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Monday, June 6, 2016, 08:17

Firm line taken on sea dispute

By Zhang Yunbi in Singapore
Firm line taken on sea dispute
Admiral Sun Jianguo, deputy chief of the Joint Staff Department at the Central Military Commission, listens dur ing a plenary session of the annual Shangri-La Dialogue in Singapore, Jun 5. (Photo / Xinhua )

Beijing will not sit by and see several countries throwing the South China Sea into chaos, the head of China's delegation to a high-profile intergovernmental security forum said on Sunday.

Admiral Sun Jianguo, speaking in a raised voice, made the comments at a plenary session of the annual Shangri-La Dialogue in Singapore, attended by defense chiefs and experts from around the world.

But Sun, deputy chief of the Joint Staff Department at the Central Military Commission, spoke in a lower voice to say he believes that other parties involved have "wisdom and patience" - like China - in charting "a path of peaceful negotiation".

Elaborating on this, Sun said, "Countries that are not involved are not expected to act out of selfish interests and deliberately damage this path."

The different tones used by Sun reflect China's attitudes toward players in the South China Sea issue, where tensions have increased after recent claims by the United States over "freedom of navigation" and an arbitration case brought by Manila against Beijing.

"The world today is undergoing historic changes as never before and the Asia-Pacific countries share good times and bad times together," Sun said in his speech.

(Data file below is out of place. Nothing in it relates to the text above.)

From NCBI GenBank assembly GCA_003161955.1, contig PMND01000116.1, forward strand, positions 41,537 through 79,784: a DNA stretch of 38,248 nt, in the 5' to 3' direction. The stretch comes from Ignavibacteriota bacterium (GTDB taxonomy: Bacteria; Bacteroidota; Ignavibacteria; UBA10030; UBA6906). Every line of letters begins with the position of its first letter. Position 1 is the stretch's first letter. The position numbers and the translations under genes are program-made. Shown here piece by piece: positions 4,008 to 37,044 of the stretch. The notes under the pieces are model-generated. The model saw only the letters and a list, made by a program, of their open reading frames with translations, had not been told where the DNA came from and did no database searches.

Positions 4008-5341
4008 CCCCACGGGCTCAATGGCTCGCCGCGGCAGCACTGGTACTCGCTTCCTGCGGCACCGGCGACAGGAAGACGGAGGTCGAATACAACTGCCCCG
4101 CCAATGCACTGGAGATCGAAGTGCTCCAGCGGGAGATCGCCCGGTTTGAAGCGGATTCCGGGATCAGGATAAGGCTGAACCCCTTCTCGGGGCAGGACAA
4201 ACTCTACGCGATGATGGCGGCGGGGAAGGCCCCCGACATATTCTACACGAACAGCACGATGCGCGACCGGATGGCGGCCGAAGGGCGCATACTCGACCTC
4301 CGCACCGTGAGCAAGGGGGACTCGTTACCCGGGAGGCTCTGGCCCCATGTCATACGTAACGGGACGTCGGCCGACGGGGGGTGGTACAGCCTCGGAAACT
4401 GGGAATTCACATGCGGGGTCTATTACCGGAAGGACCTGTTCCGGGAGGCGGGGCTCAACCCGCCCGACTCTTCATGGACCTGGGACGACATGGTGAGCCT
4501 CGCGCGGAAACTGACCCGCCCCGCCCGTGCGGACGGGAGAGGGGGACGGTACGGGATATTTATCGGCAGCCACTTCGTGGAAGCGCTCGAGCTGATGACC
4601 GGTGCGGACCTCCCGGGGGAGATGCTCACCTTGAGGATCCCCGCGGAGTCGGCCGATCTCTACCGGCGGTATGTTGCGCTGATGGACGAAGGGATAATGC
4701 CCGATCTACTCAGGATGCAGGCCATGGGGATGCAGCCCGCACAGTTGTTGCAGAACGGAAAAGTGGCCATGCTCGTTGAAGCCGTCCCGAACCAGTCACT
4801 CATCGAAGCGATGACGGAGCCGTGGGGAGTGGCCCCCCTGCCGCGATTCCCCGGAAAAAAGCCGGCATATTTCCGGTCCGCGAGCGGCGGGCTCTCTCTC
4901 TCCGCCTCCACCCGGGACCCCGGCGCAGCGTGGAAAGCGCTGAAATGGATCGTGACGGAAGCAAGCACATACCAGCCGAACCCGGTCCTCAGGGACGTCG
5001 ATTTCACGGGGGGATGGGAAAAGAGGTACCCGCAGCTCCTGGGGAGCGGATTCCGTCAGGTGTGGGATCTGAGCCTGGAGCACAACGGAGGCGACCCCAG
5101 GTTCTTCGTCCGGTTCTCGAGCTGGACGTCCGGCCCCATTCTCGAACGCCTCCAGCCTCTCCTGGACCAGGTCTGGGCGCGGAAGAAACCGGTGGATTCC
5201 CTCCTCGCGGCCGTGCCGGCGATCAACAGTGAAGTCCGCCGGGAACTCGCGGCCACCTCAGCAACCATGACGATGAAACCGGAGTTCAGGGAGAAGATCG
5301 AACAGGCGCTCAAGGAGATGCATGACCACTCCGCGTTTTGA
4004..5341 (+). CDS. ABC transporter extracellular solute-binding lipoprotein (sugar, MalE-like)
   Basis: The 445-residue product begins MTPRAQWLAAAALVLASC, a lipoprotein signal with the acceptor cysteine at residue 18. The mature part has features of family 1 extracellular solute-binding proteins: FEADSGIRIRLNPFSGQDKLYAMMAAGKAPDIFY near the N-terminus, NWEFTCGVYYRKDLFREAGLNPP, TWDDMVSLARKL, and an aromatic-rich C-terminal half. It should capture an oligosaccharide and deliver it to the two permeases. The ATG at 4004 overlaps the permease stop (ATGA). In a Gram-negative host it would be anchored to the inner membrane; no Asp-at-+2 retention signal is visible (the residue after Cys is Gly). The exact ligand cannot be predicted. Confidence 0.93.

During his stay in Singapore from Friday to Sunday, Sun held 17 bilateral meetings on the sidelines with senior defense officials, including seven from the 10-member Association of Southeast Asian Nations. It was the second year that he had represented China at the dialogue.

Major General Luo Yuan, a researcher at the Chinese People's Liberation Army Military Science Academy, said he had noticed that Southeast Asian defense officials had downplayed their stance on the South China Sea issue at Sunday's session and voiced hopes of securing stability.

"Sun's speech indicates China's sincerity in resolving disputes," Luo added.

Vietnamese Deputy Minister of National Defense Nguyen Chi Vinh said at the session that Hanoi will continue to strengthen cooperation with China and other countries to build and consolidate confidence.

"We hope together that we will arrive at solutions that are acceptable to all," he said.

Singaporean Minister of Defense Ng Eng Hen said the Shangri-La Dialogue has been held for 15 years, and that China has become ASEAN's top trading partner.

Zhang Junshe, a senior researcher at the PLA Naval Military Studies Research Institute, said the Vietnamese official's comments are a call to some of the other parties involved and show that China's policy proposals serve the interests of people of all nations.

At a session on Saturday, US Defense Secretary Ash Carter outlined Washington's ambitions to increase alignment with allies in the region. He claimed that China has embarked on a "Great Wall of self-isolation" when advancing its military presence in the South China Sea.

Carter also said the arbitration case is "an opportunity for China and the rest of the region".

In an indirect response, Sun said on Sunday that some country "supports its allies in confronting China and pressuring China to accept and fulfill the ruling by the arbitration court".

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